Estate settlement may involve complex issues regarding a decedent. Many of the articles appearing in the New York Probate Lawyer Blog discuss issues concerning the probate of a Last Will and Testament or the appointment of an administrator of an intestate estate. Probate and administration proceedings can take many months and involve Will contests, kinship determinations and disputes regarding the qualifications of a possible executor or administrator.
It should be recognized that the appointment of an estate fiduciary is just one phase involved in settling an estate. Once a fiduciary takes office, there are many other issues which may need to be resolved. These matters may involve extensive Surrogate’s Court litigation or disputes which are filed in other Courts. Such controversies may involve claims against a decedent arising out of a business or creditor claims.
An interesting dispute emanating from an estate was recently the subject of a lawsuit in Manhattan Supreme Court. Castellotti v. Free was a lawsuit in which the decedent (the parties’ mother) died, leaving a substantial estate. Before death, it appears that the decedent’s son was involved in a divorce. The decedent, who disliked the son’s spouse and wanted to prevent the spouse from sharing in any part of the decedent’s estate, took part in an oral arrangement whereby the decedent changed her Will to leave her entire estate to her daughter. There was an oral agreement whereby after the divorce was completed, the daughter would transfer 50% of the mother’s estate assets and proceeds to her brother. While there were additional terms to the oral agreement, the 50/50 arrangement was the centerpiece of the oral contract. As can be anticipated, after the mother’s death, the daughter allegedly failed to comply with the oral agreement and failed to transfer estate assets to her brother. As a result, the brother commenced a lawsuit against his sister to enforce the oral agreement.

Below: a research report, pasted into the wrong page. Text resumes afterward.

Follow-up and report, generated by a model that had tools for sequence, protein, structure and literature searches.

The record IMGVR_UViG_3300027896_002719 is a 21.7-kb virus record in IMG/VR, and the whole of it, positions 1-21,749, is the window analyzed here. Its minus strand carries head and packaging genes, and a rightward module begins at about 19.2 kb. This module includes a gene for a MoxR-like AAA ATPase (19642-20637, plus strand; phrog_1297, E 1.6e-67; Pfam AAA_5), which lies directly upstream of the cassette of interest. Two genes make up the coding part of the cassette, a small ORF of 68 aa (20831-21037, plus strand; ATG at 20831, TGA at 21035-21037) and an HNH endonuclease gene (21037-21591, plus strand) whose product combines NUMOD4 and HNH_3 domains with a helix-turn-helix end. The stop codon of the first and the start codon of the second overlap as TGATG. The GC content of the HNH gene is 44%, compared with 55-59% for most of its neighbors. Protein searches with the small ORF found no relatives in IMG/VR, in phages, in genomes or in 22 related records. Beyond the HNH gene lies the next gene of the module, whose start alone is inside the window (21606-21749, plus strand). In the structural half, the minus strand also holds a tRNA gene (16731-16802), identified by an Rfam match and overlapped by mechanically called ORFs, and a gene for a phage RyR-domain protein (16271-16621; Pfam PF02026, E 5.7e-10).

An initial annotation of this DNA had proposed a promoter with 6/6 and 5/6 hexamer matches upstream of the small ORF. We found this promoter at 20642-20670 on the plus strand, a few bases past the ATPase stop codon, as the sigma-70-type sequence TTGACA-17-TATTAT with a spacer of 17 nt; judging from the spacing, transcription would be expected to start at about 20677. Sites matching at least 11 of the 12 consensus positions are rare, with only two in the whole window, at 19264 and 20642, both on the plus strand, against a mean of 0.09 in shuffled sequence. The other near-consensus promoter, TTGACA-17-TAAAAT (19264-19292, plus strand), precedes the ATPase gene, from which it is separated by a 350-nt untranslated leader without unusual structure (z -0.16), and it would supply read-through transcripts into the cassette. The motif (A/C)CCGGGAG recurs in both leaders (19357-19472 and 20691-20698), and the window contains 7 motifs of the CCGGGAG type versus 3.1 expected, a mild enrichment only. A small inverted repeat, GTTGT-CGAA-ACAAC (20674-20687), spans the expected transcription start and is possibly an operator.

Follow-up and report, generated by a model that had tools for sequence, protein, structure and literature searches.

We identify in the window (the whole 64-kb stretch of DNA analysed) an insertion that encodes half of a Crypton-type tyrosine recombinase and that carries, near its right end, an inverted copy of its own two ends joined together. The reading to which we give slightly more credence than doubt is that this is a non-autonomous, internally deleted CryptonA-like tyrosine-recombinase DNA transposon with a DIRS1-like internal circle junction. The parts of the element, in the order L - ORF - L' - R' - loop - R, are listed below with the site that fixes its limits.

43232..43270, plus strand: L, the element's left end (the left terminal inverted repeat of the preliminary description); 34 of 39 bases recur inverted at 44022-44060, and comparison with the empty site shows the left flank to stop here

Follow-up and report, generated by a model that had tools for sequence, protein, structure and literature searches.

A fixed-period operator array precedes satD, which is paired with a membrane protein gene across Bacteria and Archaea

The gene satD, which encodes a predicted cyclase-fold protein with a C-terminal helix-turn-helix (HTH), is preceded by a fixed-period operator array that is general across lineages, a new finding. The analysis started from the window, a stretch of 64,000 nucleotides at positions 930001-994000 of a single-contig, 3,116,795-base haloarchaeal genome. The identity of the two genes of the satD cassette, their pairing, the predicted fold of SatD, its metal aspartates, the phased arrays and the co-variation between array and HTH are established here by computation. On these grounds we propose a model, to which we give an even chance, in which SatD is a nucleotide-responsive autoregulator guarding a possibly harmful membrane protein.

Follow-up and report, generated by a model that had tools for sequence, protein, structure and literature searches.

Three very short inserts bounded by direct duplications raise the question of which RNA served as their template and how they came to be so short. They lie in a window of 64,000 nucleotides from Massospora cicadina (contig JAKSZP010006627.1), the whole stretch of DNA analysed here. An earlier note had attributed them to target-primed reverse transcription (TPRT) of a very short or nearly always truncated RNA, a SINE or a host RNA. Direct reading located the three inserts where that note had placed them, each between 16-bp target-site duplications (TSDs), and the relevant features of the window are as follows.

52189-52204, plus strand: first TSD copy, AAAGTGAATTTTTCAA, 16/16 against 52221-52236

In the current Castellotti decision by Supreme Court Justice James E. d’Auguste, dated May 8, 2023, the Court was presented with various pretrial motions. Among the motions was an application to exclude various oral communications between the plaintiff son and others and the deceased mother regarding the oral contract.
The Court recognized the evidence prohibitions concerning communications with a deceased person set out in CPLR 4519 entitled “Personal transaction or communication between witness and decedent or mentally ill person,” commonly referred to as the Dead Man’s Statute. This statute prevents oral and other such hearsay communications with a decedent from being submitted as evidence at trial. Upon analysis, the Court found the statute may not be applicable in the present situation since the dispute did not involve a challenge to the terms of a Will. Moreover, the Court recognized that since the son’s claims were based, in part, in equity, the Court had greater discretion to allow such hearsay conversations involving the deceased mother and her motivations in leaving the entire estate to the daughter. The Court refused to exclude various communications or transactions with the deceased mother including hearsay conversations.
As can be seen from Castellotti, estate matters and issues can be very complicated and involve unique circumstances. The assistance of an experienced estate lawyer may be essential. Do you have a question regarding an estate or a guardianship matter? Call Me Now for a free confidential review of your problem. We offer reasonable and flexible fee arrangements and personal representation.
New York Trusts and Estates Attorney Jules Martin Haas has helped many clients over the past 40 years resolve issues relating to guardianship and probate and estate settlement throughout New York City including the Bronx, Queens, Brooklyn, Manhattan, Nassau and Suffolk County. If you or someone you know has any questions regarding these matters, please contact me at (212) 355-2575 for an initial free consultation.